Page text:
Saul Bellow's Heart
Martin, Cameron, The Christian Science Monitor
Saul Bellow's eldest son is a retired psychoanalyst, a profession that suited him because he was "able to relate to boys who suffered broken hearts," Greg Bellow writes in Saul Bellow's Heart: A Son's Memoir.
The emotional anguish Greg suffered in childhood was the result of a father who pursued "a life where everything and everyone was subordinated to art," who engaged in "epic philandering" that contributed to the dissolution of four marriages and drove a wedge between him and his firstborn child.
But Greg Bellow's memoir is not a bitter screed about an absentee father who cared more about fictional creations than real people. It's a balanced expose of a Nobel Prize-winning author whose memorable, fallible narrators (including in "The Adventures of Augie March," "Herzog," and "Henderson the Rain King") closely resemble Saul Bellow at various stages of his emotional and intellectual lives.
"My father's novels are full of well-meaning friends, lawyers, schemers, and advisers brimming with helpful solutions for a series of narrators. Like Saul, his narrators usually ignore the advice and follow their own misguided efforts, which draw them into a destructive vortex."
Bellow's oeuvre has been examined many times by literary critics and biographers, but his son has unique insights into the author's heart, born of long conversations over many years about topics that a less liberal parent would have avoided.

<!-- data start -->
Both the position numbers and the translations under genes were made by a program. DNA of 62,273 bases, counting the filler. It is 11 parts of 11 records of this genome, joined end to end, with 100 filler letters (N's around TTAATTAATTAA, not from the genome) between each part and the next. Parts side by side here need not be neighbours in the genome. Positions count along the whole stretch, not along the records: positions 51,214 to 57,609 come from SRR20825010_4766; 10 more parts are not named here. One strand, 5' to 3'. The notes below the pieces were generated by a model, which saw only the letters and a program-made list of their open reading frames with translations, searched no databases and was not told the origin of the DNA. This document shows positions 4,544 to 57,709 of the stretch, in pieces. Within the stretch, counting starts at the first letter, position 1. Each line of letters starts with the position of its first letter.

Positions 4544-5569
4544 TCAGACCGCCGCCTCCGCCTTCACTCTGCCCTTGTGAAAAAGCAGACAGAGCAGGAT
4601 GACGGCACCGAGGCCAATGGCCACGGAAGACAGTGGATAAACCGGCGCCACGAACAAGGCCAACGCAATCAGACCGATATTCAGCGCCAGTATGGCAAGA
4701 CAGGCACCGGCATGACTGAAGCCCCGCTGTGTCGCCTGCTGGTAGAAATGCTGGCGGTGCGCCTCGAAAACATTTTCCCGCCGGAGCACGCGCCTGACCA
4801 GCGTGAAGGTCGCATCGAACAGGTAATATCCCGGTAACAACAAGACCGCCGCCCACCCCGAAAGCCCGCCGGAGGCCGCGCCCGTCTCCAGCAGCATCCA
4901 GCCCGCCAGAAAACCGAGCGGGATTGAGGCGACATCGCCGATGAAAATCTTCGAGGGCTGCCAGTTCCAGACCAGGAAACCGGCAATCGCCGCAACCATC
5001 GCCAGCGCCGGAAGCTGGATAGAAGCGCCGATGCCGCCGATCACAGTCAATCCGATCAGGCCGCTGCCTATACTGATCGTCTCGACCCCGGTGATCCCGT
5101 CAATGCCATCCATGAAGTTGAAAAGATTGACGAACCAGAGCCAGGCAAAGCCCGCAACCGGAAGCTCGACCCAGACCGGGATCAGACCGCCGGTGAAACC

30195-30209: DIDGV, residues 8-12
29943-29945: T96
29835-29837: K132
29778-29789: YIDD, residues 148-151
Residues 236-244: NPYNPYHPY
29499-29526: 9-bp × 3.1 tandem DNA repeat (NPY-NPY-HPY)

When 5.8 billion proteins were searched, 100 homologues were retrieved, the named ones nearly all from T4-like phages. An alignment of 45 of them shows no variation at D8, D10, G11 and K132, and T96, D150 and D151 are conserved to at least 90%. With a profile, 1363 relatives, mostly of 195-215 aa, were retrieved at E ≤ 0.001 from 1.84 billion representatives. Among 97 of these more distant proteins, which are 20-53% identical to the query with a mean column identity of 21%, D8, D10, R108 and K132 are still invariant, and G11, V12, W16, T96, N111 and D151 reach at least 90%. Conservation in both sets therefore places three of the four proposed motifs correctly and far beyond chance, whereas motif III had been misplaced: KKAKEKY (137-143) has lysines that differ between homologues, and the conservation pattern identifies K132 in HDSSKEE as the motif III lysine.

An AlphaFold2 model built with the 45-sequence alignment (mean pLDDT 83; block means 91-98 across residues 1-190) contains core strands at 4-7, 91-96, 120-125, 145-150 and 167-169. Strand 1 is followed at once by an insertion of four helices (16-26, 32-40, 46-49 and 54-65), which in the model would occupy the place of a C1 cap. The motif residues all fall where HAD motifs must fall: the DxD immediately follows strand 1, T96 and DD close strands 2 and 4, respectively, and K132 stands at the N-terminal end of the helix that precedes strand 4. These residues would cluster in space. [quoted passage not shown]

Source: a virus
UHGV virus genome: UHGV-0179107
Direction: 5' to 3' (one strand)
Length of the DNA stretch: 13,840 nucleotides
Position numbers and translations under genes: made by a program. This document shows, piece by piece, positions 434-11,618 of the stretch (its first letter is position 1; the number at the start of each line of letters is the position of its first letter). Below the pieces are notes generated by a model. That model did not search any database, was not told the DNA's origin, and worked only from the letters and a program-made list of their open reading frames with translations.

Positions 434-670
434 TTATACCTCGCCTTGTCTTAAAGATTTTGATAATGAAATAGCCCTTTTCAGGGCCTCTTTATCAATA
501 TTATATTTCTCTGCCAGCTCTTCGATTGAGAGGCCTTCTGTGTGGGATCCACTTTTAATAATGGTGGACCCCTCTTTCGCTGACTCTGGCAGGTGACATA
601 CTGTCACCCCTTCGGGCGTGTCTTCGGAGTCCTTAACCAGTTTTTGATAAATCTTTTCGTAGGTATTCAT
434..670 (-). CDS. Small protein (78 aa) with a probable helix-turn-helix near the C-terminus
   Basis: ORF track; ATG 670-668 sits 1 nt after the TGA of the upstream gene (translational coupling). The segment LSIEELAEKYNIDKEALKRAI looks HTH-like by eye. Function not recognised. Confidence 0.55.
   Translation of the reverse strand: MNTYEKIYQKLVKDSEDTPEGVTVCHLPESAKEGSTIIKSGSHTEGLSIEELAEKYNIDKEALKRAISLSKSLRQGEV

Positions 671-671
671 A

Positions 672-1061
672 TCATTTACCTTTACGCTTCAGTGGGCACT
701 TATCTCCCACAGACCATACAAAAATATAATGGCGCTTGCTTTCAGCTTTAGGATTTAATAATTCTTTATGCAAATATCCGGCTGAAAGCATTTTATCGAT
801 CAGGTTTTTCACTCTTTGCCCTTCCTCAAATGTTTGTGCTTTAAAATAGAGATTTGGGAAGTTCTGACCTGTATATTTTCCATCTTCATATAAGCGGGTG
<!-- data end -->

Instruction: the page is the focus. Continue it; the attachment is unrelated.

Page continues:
"Beginning in my adolescence, when the two of us were alone, my father would inquire after what he termed my inner life. Initially I was a bit confused, but soon realized he was asking me to consider whether or not I was content with myself. This began a regular dialogue we came to call 'real conversations.'... they became a regular feature of our time together."
The relationship between Greg and Saul is informed by Saul's difficult relationship with his own father, Abraham, whose "failure to earn an adequate income aggravated his already volatile temper. He often blamed parenthood for his impoverishment and gave each of his boys a whack to cover their presumed sins when he got home from a day of hard work."
Abraham thought Saul was emotionally soft, and he pressured his youngest son to enter the family's coal business.
"When Saul resisted, Abraham derided him and his bookish friends with a vacuous tongue. …